Decades old mistakes affect almost every Wi-Fi device
A set The weakness in how Wi-Fi is designed and used in practice reveals almost all of it Wi-Fi enabled device to certain types of attacks. There have been a few of these bugs since the original Wi-Fi standard was released in 1997.
Findings, publicly disclose This week, Mathy Vanhoef, a researcher at Abu Dhabi University in New York, showed that an attacker in a Wi-Fi district on a target network could rip data from the victim and endanger their devices. Although the scale and scope of the exposure are staggering, it would be difficult to carry out many attacks in practice, and not all Wi-Fi devices will be affected by all the flaws.
Vanhoef collectively calls the findings a “Frag Attack” because they are short of “fragmentation and aggregation attacks,” because the errors are largely related to subtle problems with shrinking Wi-Fi and moving data as quickly as possible to transact data in transition. at the other end.
“Fragmentation functionality is typically used to improve the performance of your Wi-Fi network if there is a lot of background noise,” Vanhoef says. The goal is to divide the parts into more manageable parts when receiving data so that they can be reassembled more efficiently when received. But Vanhoef found security vulnerabilities in the process. “You can cause a receiver to reassemble two parts of different packages or store harmful data and combine it with legitimate information,” he says. “Under the right conditions, it can be used to erase data.”
Vanhoef found a vulnerability that allowed an attacker to insert malformed data and become a “middle man” in a network, stealing information by passing data or even controlling other connected devices with additional vulnerabilities. They would not need any special privileges to access the hack.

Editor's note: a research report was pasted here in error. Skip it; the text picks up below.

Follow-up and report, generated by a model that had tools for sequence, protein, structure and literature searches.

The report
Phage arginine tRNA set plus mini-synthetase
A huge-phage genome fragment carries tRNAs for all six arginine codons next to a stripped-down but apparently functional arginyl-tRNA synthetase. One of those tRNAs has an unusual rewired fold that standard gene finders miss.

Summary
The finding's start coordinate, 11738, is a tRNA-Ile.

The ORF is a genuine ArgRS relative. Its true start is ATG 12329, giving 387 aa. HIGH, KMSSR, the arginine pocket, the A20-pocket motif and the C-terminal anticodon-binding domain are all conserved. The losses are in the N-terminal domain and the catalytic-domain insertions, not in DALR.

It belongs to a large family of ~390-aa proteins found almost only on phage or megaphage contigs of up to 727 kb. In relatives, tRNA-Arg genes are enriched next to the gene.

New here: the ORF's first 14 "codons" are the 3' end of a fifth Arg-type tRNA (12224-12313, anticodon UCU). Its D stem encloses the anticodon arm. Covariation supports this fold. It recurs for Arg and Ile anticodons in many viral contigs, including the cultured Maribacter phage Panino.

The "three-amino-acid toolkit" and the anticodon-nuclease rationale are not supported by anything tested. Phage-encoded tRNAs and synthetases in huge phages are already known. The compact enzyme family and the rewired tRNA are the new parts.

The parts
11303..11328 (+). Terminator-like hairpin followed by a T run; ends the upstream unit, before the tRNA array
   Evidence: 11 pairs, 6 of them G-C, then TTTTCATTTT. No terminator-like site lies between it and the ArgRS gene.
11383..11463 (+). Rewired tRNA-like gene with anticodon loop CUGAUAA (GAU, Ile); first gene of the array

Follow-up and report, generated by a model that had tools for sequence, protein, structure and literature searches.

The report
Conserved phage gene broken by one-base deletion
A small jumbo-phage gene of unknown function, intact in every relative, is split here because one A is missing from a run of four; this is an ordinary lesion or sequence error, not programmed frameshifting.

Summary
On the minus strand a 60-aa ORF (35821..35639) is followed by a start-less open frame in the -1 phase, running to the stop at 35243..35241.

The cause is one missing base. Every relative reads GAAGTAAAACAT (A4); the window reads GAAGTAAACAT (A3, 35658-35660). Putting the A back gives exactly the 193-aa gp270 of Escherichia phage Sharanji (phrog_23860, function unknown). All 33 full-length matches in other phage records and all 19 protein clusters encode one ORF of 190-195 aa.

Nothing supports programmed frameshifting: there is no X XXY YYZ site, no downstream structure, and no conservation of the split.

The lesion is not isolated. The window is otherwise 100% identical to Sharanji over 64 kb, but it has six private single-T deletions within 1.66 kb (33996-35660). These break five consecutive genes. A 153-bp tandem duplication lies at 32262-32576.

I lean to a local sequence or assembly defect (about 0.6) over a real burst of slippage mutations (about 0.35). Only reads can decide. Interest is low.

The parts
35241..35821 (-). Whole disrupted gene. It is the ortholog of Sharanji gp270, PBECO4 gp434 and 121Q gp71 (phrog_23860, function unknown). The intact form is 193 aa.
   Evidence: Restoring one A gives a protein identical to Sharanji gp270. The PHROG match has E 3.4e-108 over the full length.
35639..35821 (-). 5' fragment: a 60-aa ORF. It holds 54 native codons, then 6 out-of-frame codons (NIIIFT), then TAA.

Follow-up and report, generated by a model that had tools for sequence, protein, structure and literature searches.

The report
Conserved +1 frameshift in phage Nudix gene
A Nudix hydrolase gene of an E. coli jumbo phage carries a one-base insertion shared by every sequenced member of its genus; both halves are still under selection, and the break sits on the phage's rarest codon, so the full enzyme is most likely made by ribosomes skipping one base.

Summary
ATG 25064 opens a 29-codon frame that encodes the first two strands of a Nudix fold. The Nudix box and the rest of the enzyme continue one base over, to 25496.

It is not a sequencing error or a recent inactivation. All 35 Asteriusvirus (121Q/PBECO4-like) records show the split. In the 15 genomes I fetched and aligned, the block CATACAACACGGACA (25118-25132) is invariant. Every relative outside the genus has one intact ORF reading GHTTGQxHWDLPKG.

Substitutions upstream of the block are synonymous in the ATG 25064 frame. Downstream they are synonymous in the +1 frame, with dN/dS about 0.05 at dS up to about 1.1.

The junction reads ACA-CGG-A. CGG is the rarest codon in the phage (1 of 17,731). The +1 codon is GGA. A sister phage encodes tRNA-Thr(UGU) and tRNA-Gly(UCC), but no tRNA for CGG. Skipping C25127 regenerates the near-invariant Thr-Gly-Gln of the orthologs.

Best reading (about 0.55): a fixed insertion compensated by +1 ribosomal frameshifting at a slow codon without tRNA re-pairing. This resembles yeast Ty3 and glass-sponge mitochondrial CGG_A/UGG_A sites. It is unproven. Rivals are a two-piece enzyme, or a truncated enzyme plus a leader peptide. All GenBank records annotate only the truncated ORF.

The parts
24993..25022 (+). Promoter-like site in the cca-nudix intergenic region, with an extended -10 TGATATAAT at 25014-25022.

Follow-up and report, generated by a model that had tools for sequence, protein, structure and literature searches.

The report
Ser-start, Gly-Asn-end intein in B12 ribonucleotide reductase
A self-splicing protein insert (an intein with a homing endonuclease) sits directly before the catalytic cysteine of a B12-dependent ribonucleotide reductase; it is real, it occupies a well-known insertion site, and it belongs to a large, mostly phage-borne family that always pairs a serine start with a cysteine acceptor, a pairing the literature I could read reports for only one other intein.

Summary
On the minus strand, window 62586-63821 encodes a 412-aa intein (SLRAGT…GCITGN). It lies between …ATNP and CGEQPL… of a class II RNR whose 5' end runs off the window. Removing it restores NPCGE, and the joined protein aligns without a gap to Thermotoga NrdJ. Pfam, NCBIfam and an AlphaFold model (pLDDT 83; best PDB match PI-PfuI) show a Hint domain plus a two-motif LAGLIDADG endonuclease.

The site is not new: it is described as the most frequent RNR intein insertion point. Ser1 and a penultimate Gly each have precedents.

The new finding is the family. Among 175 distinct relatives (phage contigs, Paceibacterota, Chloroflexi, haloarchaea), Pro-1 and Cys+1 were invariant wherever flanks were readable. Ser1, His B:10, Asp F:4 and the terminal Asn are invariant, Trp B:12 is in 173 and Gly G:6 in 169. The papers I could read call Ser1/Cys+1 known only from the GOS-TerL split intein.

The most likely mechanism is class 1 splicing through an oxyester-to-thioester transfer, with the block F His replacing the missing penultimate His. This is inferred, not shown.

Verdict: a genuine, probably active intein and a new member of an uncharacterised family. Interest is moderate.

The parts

“These design flaws are a concern. Because they are so widespread, all the Wi-Fi devices I’ve tested were vulnerable, “says Vanhoef.” But on the other hand, they’re unlikely to be exploited. Sometimes I like to say ‘patches before the attacks improve.’
Vanhoef spent nine months working in coordinated outreach with a number of industry security organizations and companies. Microsoft, Samsung, Cisco, Intel, Linksys, Netgear, Eero and many others have already released patches. It’s there full list about safety tips and Vanhoef says more repairs will be sent in the coming weeks.
Regulatory bodies and web security groups include the Wi-Fi Alliance and the Internet Consortium for the Advancement of Internet Security. release tips this week we are asking all Wi-Fi users and network administrators to update their devices when and where patches are available.
Almost all Wi-Fi devices require repairs or some sort of mitigation, especially routers and other network equipment that can be routed to facilitate attacks. These are, in fact, the types of devices, both for consumers and businesses, often those who do not receive or cannot receive updates due to concerns about backward compatibility.
“These findings get to the heart of how Wi-Fi works,” says former Wi-Fi researcher Jim Palmer. examine Frag Attack Outreach. “Some of these findings are really weird, but the attacks are also very complicated, not a little bit. And the victims have to be in the Wi-Fi zone, kind of like a blast radius.”
Palmer says that for Wi-Fi specialists, Frag Attack will join a long mental list of vulnerabilities and flaws that require special consideration in real-world deployments. In recent years, Vanhoef has also discovered two of the other major Wi-Fi exposures that rise to this level: Wi-Fi encryption attacks KRACK and Dragon. Like these findings, Palmer hopes the Frag exposures will be on the devices and hide them for decades.